I have long been critical of those who think that NATO faces an existential crisis (see Wallace Thies for this debate). Much of this has been: what to do now that the main raison d’etre, the Soviet Union, is gone? The answer was very Keohane-ian – the institution was seen as too valuable for coordinating the security policies of the US, Canada, and most of Europe.
In the aftermath of the Soviet Union, NATO got involved in helping the countries of the former Warsaw Pact develop civilian control of the military (note that neither Hungary’s nor Poland’s march towards authoritarianism has involved the armed forces); try to and eventually manage the conflicts out of area (the former Yugoslavia); and fulfill the promise of Article V by helping to defend US airspace after 9/11 and then join the US in the Afghanistan effort. In much of this, there were moments of doubt – whether NATO would do what it was supposed to do. In these moments, countries kicked in enough effort regardless of how they felt about the actual operation because they wanted to preserve the alliance.
But now I am worried about the future of NATO. Why? Partly because Donald Trump campaigned with the slogan “America First,” which was also the slogan of isolationists before World War II. I found it strange that one of the consistent issues in the campaign was his criticism of NATO – that it did not seem to be an important issue for the American public. But it fits with Trump’s view of the world – that any fair bargain is not sufficiently exploitative. He is mercantilist not just in trade policy but in security.
Sure, lots of NATO discussions have centered around 2% of GDP and countries falling short, but no one there ever said: well, if you don’t pay your share, we may not help you. Perhaps Trump might be satisfied by the recent efforts by countries to increase their spending (Germany most obviously; Canada has not/is not likely to do so).
However, there is the Putin thing – that Trump may very well prioritize his relationship with Putin over the need to guarantee US commitments to the alliance. The combination of NATO criticism and Putin admiration is very disturbing. So, how might Trump destroy NATO?
The most obvious scenario is that Putin makes advances on the Baltics, the Baltic representatives at NATO try to get Article V invoked, and one of two things happens:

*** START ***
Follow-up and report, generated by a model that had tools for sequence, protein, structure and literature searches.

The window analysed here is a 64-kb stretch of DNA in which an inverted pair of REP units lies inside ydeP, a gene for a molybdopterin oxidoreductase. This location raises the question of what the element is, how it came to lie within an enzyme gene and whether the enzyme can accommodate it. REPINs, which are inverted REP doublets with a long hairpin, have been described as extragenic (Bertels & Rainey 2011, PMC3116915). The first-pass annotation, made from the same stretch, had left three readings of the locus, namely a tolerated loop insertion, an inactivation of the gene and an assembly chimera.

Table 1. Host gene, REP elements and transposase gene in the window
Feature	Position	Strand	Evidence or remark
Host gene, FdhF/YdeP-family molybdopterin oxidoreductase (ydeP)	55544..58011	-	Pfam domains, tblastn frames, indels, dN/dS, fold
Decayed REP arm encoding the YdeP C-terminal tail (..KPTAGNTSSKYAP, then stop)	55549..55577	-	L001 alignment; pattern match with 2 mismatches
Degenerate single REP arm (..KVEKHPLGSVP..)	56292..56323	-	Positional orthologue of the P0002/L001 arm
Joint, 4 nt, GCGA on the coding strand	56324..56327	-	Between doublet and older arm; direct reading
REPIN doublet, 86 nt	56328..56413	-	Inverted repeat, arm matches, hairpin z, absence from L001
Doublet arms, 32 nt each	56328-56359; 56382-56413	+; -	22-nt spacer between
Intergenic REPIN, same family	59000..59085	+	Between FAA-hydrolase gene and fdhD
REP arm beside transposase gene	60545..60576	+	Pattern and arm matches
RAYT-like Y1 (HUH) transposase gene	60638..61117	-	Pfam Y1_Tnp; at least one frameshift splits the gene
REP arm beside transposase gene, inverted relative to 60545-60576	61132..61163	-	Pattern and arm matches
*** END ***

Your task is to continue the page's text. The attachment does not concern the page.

a) The US permanent representative (the US Ambassador to NATO) opposes the effort. NATO operates by consensus – there is no automatic invoking of A-5 – it requires a decision by the North Atlantic Council [NAC]. In the past, individual countries have registered their concerns but not have blocked action on such things as the Kosovo intervention. But one can imagine that the US rep puts up a fight so no NAC decision is reached. Then, the rest of Europe plus Canada will have to wonder what to do, what does NATO mean, if the most important member is not willing to allow the alliance to act.
b) NATO can come to a consensus, but US refuses to participate. Germany did that during the Libya effort, so this is not unprecedented…except for the US pulling such a move. What happens if the US does not help out?
Trump generates uncertainty – I have taken to calling him an uncertainty engine – and uncertainty is fatal for alliances. As Glenn Snyder and Patricia Weitsman argued, alliances are plagued by two forms of uncertainty: will my ally show up when I need it? Will an ally be so assured by its alliance that they act more aggressively? Trump raises big questions about whether the US would show up. And that can be fatal to the alliance.
Can Trump do this much damage in four years (maybe eight) to an alliance that has lasted for nearly 70 years? It depends on what happens. Putin has breaking NATO as a major foreign policy goal, so it is hard to imagine him not trying to put NATO to the test during Trump’s time in office. My guess is that Putin does something in the next couple of years to test NATO and test how pliant Trump is.
My best hope is that NATO is put on ice for four years – that the organization continues to function but is not asked to do too much. Any potential mission could turn into an existential crisis. I wouldn’t bet on this.
This piece originally appeared on Saideman’s Semi-Spew.
About the Author
Stephen Saideman holds the Paterson Chair in International Affairs at Carleton University’s Norman Paterson School of International Affairs. He has written The Ties That Divide: Ethnic Politics, Foreign Policy and International Conflict and For Kin or Country: Xenophobia, Nationalism and War (with R. William Ayres) and NATO in Afghanistan: Fighting Together, Fighting Alone (with David Auerswald), and other work on nationalism, ethnic conflict, civil war, and civil-military relations.